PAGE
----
Personal

HelpStopMe Review

medium_3899825528

I signed up to the HelpStopMe service a few weeks ago and have been doing their Depression course online.

I was skeptical because I’ve had bad experiences with therapy in the past, mainly because it’s focused too much on feelings. I’d sit down opposite my therapist, who’d ask how I was feeling, and I’d say “fine” and wouldn’t really be able to elaborate. We’d go over and over the same ground, they’d ask about my experiences, I’d tell them, they’d ask how these things made me feel, I’d say I didn’t know, we’d get nowhere.

So I wasn’t sure what an online course could give me where classical therapy has repeatedly failed, but I figured it was worth a try. And I was pleasantly surprised: it’s actually really good.

I think one of its main selling points, at least for people like me who don’t really go for the “touchy-feely” approach, is that it doesn’t focus too much on your emotions, but more on actions. If someone says “How have you been feeling this week?” I find it hard to give them an honest answer, but I can answer “How many times have you been outside this week?” because that’s pretty straightforward.

I’m currently part of the way through module 13 and have just done the Depression Self-Test for the third time. They ask you to take this test periodically throughout the process, so you can work out how you’re doing. When I first started, I scored 19. A few weeks later, I scored 27. At the time, I was quite disheartened by this outcome, but I’d just had some bad news and I do find that sometimes with things like therapy you have to be prepared for it to get a bit more difficult before it gets better. This time when I did it I scored 15; overall a definite improvement!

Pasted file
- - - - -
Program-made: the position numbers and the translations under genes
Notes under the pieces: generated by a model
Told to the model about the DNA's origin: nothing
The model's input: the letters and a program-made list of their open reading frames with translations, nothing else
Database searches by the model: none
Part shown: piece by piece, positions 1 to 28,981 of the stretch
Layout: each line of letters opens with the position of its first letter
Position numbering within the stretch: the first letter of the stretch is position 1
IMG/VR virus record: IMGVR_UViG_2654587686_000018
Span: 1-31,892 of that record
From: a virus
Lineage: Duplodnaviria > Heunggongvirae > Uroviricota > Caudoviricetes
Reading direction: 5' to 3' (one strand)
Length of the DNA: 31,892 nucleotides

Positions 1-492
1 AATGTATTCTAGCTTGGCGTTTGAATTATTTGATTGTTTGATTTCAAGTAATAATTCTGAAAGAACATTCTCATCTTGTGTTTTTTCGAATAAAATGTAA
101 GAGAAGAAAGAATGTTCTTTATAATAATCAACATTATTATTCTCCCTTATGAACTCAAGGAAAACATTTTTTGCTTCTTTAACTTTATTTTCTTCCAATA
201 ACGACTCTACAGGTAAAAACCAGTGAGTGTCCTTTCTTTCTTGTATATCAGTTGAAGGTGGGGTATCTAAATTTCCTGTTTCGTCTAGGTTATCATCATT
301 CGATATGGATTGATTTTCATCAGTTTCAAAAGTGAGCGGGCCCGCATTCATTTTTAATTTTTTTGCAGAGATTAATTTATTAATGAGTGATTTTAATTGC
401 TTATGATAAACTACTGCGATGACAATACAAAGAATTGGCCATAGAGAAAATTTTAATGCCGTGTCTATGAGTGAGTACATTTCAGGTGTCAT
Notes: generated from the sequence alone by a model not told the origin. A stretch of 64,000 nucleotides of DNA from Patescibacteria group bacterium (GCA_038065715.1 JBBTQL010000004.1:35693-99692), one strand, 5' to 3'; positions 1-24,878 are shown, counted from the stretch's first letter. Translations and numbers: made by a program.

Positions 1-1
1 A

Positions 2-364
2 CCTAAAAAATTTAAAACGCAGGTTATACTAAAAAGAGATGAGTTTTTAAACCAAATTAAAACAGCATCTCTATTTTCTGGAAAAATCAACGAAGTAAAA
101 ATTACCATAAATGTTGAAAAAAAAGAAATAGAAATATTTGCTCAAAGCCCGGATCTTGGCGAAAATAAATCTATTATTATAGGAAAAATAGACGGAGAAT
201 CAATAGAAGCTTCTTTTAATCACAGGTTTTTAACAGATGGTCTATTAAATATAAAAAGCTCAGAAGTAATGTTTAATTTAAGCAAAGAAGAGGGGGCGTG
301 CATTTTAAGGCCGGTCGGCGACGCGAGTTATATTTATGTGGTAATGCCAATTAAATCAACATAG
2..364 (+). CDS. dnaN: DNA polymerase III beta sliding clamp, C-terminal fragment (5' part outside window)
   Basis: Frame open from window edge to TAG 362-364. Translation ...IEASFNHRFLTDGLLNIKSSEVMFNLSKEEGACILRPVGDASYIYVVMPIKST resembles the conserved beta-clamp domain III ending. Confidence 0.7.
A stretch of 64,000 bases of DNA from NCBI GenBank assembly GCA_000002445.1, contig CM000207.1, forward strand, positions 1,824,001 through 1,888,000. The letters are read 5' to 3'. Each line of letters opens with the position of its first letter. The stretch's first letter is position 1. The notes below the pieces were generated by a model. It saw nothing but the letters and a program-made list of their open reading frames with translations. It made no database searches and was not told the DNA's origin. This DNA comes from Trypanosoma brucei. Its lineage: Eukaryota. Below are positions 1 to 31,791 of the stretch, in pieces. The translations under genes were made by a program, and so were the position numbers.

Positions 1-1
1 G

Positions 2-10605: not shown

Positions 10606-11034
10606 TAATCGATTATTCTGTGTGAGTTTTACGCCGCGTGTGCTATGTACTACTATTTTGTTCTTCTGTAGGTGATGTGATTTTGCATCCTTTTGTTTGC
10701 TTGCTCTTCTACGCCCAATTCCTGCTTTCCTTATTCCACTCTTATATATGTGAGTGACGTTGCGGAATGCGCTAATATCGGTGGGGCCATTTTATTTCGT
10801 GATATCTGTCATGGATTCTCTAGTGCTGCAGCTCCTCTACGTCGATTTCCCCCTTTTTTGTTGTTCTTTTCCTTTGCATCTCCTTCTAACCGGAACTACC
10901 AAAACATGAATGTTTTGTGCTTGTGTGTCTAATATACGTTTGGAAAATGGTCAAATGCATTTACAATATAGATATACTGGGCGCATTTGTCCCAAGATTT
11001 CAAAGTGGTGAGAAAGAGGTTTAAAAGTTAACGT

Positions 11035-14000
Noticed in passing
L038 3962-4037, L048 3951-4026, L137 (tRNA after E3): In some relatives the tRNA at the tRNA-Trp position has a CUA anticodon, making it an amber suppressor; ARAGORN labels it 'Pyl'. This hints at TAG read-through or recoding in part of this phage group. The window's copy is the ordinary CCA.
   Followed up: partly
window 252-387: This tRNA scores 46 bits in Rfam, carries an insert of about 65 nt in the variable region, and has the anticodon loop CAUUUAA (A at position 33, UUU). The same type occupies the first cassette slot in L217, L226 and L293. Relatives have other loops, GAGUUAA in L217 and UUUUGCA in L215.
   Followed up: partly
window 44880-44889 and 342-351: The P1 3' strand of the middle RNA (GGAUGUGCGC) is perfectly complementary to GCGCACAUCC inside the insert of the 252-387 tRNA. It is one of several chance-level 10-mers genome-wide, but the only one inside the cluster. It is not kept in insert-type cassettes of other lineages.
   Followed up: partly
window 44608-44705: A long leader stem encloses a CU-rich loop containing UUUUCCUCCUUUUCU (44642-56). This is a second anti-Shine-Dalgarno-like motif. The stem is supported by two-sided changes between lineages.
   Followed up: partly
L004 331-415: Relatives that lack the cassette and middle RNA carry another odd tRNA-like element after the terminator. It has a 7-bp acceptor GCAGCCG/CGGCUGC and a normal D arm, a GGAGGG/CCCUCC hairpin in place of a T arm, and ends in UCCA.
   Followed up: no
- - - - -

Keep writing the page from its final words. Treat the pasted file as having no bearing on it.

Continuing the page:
There have been improvements in my day to day life as well. I’ve been doing more, but not in the manic-doing-everything way that I’m used to, just in a getting-more-done way. Rather than trying to cram as many things as humanly possible into a 24-hour period, losing sleep and berating myself when I don’t manage to complete everything, I’ve been splitting my days into sections (one of the recommendations from the course) and managing my time more efficiently.

There was a really useful module at the beginning – it took quite a lot of work but it was well worth it, so if you’re stuck there at the moment I’d recommend ploughing through! It involved taking an hourly inventory of everything you do for a week. Yes, it’s hard work. I did it in an Excel spreadsheet because I didn’t want to be constantly logging in to the HSM site. The idea is that you write down what you did, hour by hour, and then your level of happiness, from 1 to 10. There were some things that were unsurprising – when I called the water board to query my bill, my happiness went down – but there were other things that I never would have guessed. Like for instance, every time I spent time on the internet when I wasn’t working, my happiness went down. I’d thought I enjoyed things like playing around on Pinterest and Tumblr – and I do – but sometimes I’d do it just to stop myself thinking about anything, and actually it wasn’t healthy. I’ve now cut down on my internet usage (I know! Shocking!) and it’s really helping me feel better about life in general.